Layout Gloves – Review

It was a humid September afternoon when I went out for an impromptu throwing session with my girlfriend. It was on the 4th or 5th throw that I started to realize something felt off, and that’s when I was struck by the full depth of my addiction: I hadn’t practiced throwing a disc without gloves on in over a year.

Somewhere out there in the great vastness of Canada, an entrepreneur named Jake heard the cries of my bare skin and reached out to me with a new product, a new “fix”.

The product in this case was “Layout Gloves”, new to market, and awaiting my review.

I love getting mail, and so when that package from Jake arrived with my name on it, I tore into it and eagerly looked inside. It’s always exciting to get mail that isn’t from a local take-out restaurant.

The gloves look the way you’d expect ultimate gloves to look. Similar to other brands – they’re clean and classic looking.  They also come with a cool little cardboard cutout of a hand to help the gloves hold their shape. Most people might not care about that, but I like it. Makes me feel like I am buying a premium product, and can serve as a substitution should I lose my hands but still want to draw thanksgiving turkeys.

When I took the gloves out of the packaging, I immediately noticed the “rubber” on the inside of the palm felt really thick, and this concerned me.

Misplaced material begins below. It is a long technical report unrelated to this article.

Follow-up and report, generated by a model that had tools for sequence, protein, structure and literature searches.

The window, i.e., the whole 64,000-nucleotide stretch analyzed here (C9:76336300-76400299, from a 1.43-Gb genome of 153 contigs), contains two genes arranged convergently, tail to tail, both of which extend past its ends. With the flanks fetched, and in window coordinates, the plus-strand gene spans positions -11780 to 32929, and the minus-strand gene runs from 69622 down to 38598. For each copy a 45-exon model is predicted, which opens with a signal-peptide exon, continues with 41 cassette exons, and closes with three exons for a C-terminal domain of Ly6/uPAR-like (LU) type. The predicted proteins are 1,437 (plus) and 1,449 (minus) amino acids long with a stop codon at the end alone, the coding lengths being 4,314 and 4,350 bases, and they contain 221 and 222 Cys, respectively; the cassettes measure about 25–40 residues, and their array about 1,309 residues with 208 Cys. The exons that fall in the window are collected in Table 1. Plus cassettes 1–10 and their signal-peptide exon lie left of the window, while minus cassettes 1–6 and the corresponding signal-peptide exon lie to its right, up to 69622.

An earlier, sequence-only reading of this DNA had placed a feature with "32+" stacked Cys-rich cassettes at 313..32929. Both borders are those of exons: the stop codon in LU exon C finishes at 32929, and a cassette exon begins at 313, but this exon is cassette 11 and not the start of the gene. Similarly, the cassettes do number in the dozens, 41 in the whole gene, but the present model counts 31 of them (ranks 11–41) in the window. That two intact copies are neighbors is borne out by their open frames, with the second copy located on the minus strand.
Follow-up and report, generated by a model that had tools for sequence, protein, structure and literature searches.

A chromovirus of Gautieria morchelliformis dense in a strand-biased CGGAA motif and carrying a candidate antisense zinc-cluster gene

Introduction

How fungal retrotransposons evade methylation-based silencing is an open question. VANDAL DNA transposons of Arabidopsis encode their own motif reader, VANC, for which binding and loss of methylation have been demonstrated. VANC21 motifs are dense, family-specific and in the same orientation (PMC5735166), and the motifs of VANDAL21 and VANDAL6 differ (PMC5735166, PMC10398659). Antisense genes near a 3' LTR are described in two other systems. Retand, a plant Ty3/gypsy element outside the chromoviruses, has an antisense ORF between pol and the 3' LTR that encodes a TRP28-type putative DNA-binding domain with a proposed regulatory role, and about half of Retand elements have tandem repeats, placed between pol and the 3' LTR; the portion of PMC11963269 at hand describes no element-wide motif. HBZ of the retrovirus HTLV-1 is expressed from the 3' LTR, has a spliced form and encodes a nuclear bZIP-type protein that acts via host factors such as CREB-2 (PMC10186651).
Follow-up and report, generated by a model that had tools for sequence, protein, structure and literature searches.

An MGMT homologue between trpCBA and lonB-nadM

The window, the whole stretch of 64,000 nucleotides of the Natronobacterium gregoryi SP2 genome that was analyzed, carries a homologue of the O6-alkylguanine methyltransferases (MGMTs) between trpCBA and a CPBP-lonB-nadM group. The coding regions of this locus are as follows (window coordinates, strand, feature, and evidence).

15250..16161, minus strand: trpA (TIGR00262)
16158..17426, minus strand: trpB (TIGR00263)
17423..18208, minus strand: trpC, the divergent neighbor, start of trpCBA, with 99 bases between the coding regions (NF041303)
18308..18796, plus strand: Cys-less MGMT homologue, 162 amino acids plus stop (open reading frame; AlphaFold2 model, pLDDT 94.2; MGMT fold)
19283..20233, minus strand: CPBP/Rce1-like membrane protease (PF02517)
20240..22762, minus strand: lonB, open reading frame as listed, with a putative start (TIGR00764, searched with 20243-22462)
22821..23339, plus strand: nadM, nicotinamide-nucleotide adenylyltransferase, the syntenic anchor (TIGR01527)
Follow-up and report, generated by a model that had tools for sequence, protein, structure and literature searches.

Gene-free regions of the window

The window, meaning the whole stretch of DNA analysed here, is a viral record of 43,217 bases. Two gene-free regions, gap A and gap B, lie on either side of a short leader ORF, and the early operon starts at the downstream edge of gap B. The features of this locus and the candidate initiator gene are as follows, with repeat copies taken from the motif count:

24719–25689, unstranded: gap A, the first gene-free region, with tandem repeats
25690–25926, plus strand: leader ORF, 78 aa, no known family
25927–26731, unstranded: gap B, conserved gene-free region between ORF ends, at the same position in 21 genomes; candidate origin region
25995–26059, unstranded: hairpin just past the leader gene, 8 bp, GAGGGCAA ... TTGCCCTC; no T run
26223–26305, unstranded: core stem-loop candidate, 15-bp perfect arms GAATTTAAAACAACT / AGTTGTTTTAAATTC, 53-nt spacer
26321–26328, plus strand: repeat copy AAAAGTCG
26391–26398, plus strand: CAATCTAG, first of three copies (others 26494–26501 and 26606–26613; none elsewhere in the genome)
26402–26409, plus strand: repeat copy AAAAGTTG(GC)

Then I put the gloves on, and they fit beautifully. I am sure everyone has unique hands, but these fit… like a glove? They fit really well.

That’s when I noticed one of the details that set this glove apart from others: On the index finger, the grip wraps around on the inside of the finger, and on the middle finger it wraps up half-way on both sides. This starts to show the thought that went into the glove – the “grip” material is placed to help you with both backhands and flicks, and otherwise make the glove as flexible as possible.

There’s also that nice constant reminder on your wrist to “layout”.

There’s also that nice constant reminder on your wrist to “layout”.

 

I was still a bit concerned about the thickness of the rubber, and the very first thing I noticed when I started handling a disc was the “squeak” of the material. But these gloves really grip the disc well, and it didn’t seem to be slowing down any of my hand-to-hand movements of the disc, or catching the disc and putting it into throwing position.

During practices I let a few friends try on the Layout gloves. I offered them up to a mix of glove-users and barehanders.

Hand-tans.... still a concern.

Hand-tans…. still a concern.

 

 

The barehanders were tough to win over, but a few of the glove users we’re really interested in them. The one thing these gloves really offer is a lot of grip. That may take a few throws to get used to, but it does let you generate more spin, which translates into the potential for greatly improved throws.

Some of the negative comments were that the palms felt thick (one teammate was particularly put off by the thickness of the grip on the thumb). Jake, from Layout Ultimate, let me know that the thickness of the material was chosen after hearing multiple complaints about other gloves ripping too soon. I obviously have only been able to check these out for a couple weeks, but it would make sense that the durability would be a strong point, and the gloves seem very well constructed.

They also definitely help with catching, and I’d imagine that if you’re looking at gloves to take the sting off hard throws, the Layout gloves offer the best mix of “tackiness” and cushioning.

I haven’t yet had a chance to try these out in wet weather, but I am curious to see how the grip material holds up in the rain.

Bottom line – If you like gloves, and you’re craving even more grip and spin, this is the glove for you.